With high-concept science fiction narratives seldom getting the spotlight in mainstream cinema, some directors have focused on re-living the genre’s glory days by harkening back to past eras. Films like Super 8, as well as the hit TV series Stranger Things, embraced an 80’s aesthetic in their telling of Spielbergian sci-fi-horror tales. The latest to join the sci-fi nostalgia lineage is The Vast of Night, which cleverly utilizes its 1950’s setting to tell an earnest and engaging radio serial brought to the screen.
The Vast of Night follows Fay (Sierra McCormick), an eager aspiring radio operator working alongside her wise-talking host Everett (Jake Horowitz). While the town is preoccupied with the school basketball game, the two uncover an idiosyncratic radio signal that could lead to something far more sinister.
Operating with a shoestring budget and a relatively unheralded cast, the success of Vast of Night’s unique approach is attributed to writer/director Andrew Patterson’s stellar debut (also served as editor and producer). Patterson displays rare patience in his shooting techniques, utilizing smoothly-constructed tracking shots seamlessly while creating a taut sense of momentum. This approach fits the slow-burn tale to a tee, dulling out nuggets of information throughout while keeping audiences on their toes.
Many films have utilized a nostalgic approach to wear an era’s zeitgeist qualities as a cheap pastiche, but Patterson’s screenplay cleverly weaves 50’s culture into its presentation. As well as capturing the zippy vernacular of the time, Patterson plays off the era’s mixed emotions of the impending future, wistfully embracing the potential of technological advancements while holding a deeply-seated paranoia for what could be out there.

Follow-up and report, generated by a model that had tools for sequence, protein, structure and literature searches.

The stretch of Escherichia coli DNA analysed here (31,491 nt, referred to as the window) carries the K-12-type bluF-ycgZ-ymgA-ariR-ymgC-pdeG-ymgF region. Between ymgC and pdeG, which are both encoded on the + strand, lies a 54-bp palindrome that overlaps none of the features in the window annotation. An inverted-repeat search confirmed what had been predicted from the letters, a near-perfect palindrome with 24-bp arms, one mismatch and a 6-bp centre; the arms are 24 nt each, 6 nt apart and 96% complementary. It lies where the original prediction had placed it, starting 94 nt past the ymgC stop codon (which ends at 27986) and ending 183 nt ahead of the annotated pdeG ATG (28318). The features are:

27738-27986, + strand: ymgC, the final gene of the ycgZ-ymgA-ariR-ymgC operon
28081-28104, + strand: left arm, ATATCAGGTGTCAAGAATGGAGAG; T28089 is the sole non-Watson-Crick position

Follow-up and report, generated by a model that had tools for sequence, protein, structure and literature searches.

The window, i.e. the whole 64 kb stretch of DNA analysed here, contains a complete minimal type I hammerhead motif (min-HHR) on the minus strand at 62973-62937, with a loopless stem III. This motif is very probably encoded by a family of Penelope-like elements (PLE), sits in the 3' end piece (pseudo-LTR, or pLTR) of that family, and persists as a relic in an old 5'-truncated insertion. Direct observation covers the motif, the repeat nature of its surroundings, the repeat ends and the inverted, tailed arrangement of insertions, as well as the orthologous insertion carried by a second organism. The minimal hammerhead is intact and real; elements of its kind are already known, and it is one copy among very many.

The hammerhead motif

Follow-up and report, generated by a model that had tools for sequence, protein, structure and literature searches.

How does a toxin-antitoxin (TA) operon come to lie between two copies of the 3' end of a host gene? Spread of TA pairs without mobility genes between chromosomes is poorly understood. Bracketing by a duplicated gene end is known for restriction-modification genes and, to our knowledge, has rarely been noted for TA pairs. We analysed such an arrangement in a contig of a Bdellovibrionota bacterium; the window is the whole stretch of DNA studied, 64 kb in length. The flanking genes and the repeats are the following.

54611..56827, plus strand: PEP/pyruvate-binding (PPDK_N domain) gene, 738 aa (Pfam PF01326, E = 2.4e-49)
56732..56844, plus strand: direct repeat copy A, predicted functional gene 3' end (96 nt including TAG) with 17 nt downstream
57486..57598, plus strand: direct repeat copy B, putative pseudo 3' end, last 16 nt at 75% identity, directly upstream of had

These conceits are baked into every frame of the film, playfully capturing a sense of discovery and danger with impressive results. Credit to stars Sierra McCormick and Jake Horowitz for balancing this tonal high-wire act, with their easy-going chemistry and sharp banter creating an instantly likable duo on screen. McCormick adeptly captures Fay’s longing for a grander life, while Horowitz elevates the wisecracking archetype with a clever embodiment of that persona.
There’s so much to admire about The Vast of Night, yet its slight missteps constraint the effort from reaching genre classic territory. Patterson’s script features familiar debut faults, including a framing device that goes nowhere despite its intriguing introduction. While I appreciate the slight approach to its singularly macabre vision, the third act ultimately feels rushed and unsatisfying, with the destination being far less absorbing than the journey that proceeded it.
The Vast of Night is a unique low-budget surprise, with Andrew Patterson’s inspired 50s serial approach displaying his bright future in the film industry.
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